In its December 2009 cover story, the renowned pan-African monthly, New African magazine, puts the controversy surrounding Abiola’s death into clear perspective. Quoting from a book written by a UK-based Nigerian lawyer, Dele Ogun, whose rapport with some highly placed American officials had inadvertently placed him in the know of the conspiracy behind Abiola’s death, New African reported that: “There is more to Abiola’s death than officialdom has cared to say.”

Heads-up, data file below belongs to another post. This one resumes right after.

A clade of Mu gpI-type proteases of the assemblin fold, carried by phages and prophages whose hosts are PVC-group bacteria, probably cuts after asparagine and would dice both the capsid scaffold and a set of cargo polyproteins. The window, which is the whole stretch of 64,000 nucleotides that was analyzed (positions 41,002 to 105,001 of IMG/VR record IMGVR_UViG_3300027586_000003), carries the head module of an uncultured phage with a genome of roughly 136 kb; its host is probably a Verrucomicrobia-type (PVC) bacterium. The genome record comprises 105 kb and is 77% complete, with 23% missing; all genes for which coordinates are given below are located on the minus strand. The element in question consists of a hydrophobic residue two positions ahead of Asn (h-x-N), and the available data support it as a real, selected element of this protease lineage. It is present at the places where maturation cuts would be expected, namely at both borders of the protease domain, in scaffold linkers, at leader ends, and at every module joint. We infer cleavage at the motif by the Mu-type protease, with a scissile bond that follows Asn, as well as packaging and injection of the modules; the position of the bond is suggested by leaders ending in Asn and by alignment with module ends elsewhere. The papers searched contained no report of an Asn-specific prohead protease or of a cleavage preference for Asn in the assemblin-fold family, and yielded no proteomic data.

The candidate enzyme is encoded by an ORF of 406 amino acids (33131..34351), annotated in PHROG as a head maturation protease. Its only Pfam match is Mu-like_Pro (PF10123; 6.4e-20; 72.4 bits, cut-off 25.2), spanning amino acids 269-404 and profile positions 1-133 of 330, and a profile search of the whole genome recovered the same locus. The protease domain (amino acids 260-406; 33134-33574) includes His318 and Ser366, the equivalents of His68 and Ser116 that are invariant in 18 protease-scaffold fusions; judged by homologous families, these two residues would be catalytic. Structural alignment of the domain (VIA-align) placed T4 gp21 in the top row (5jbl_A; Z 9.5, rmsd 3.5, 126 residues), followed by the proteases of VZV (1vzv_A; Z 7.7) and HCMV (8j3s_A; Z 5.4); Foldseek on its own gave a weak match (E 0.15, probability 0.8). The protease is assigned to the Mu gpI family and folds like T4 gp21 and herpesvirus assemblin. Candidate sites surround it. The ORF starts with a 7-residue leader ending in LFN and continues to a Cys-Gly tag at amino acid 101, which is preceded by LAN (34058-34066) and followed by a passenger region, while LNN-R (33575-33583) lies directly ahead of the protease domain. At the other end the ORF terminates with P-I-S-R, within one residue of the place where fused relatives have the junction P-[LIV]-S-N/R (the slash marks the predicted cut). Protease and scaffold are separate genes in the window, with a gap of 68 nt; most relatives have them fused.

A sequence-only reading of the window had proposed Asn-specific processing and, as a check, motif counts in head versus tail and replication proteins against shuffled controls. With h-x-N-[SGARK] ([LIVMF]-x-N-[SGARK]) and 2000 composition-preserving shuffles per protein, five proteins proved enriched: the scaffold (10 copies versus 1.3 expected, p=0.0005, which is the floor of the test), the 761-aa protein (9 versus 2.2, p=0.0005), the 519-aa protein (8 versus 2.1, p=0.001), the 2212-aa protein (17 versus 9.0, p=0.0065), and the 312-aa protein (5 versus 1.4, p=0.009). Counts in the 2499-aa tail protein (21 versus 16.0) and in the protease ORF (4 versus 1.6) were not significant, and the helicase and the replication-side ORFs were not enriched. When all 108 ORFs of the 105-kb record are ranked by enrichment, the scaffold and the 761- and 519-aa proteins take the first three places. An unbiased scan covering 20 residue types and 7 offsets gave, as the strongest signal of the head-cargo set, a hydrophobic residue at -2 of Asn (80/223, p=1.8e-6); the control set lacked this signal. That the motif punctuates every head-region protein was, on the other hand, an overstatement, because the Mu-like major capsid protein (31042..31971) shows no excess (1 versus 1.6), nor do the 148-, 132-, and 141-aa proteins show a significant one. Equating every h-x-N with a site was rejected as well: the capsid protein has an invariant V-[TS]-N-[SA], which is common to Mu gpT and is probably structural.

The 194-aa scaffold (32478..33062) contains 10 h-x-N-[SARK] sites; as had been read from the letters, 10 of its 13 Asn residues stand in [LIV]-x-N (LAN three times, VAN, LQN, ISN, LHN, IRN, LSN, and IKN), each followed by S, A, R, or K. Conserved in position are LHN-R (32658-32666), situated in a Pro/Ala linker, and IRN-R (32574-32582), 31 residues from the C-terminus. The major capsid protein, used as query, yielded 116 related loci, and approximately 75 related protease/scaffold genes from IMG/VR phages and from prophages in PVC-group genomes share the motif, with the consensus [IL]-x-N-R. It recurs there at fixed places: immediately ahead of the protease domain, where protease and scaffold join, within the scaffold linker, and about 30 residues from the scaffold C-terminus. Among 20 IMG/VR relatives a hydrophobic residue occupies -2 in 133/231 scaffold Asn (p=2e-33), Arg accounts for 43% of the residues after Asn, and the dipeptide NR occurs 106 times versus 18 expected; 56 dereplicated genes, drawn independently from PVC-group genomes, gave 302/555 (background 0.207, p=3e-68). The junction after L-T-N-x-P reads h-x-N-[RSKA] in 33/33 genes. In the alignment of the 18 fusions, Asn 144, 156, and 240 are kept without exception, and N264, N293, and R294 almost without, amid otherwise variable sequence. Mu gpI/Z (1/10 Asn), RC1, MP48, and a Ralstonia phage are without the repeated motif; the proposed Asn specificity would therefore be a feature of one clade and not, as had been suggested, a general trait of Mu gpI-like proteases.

In his book, Ogun, an accomplished lawyer, narrates that a revealing comment he made to a commercial attaché in the American embassy in London landed him an International Visitor Program deal, in 1995, that saw him meet anyone he wanted to meet and made himself available for anyone he was asked to meet. On one of such encounters with a former US ambassador to Nigeria during Obasanjo’s first stint in office, Dele says the ambassador asked about Abacha’s [‘civilian’] succession plans and given his response regarding the quandary that that would have thrown up [Abiola would have insisted on his mandate and Abacha wasn’t likely to accede to that], the ambassador asked: “Supposing the two of them [Abacha and Abiola] weren’t there, who would you see as a possible successor?” Innocently and unsuspectingly, Ogun listed some names but the ambassador again asked: “What of Obasanjo… what do you think of him?” Well, the rest is history and, as they say, the handwriting was and is clearly on the wall!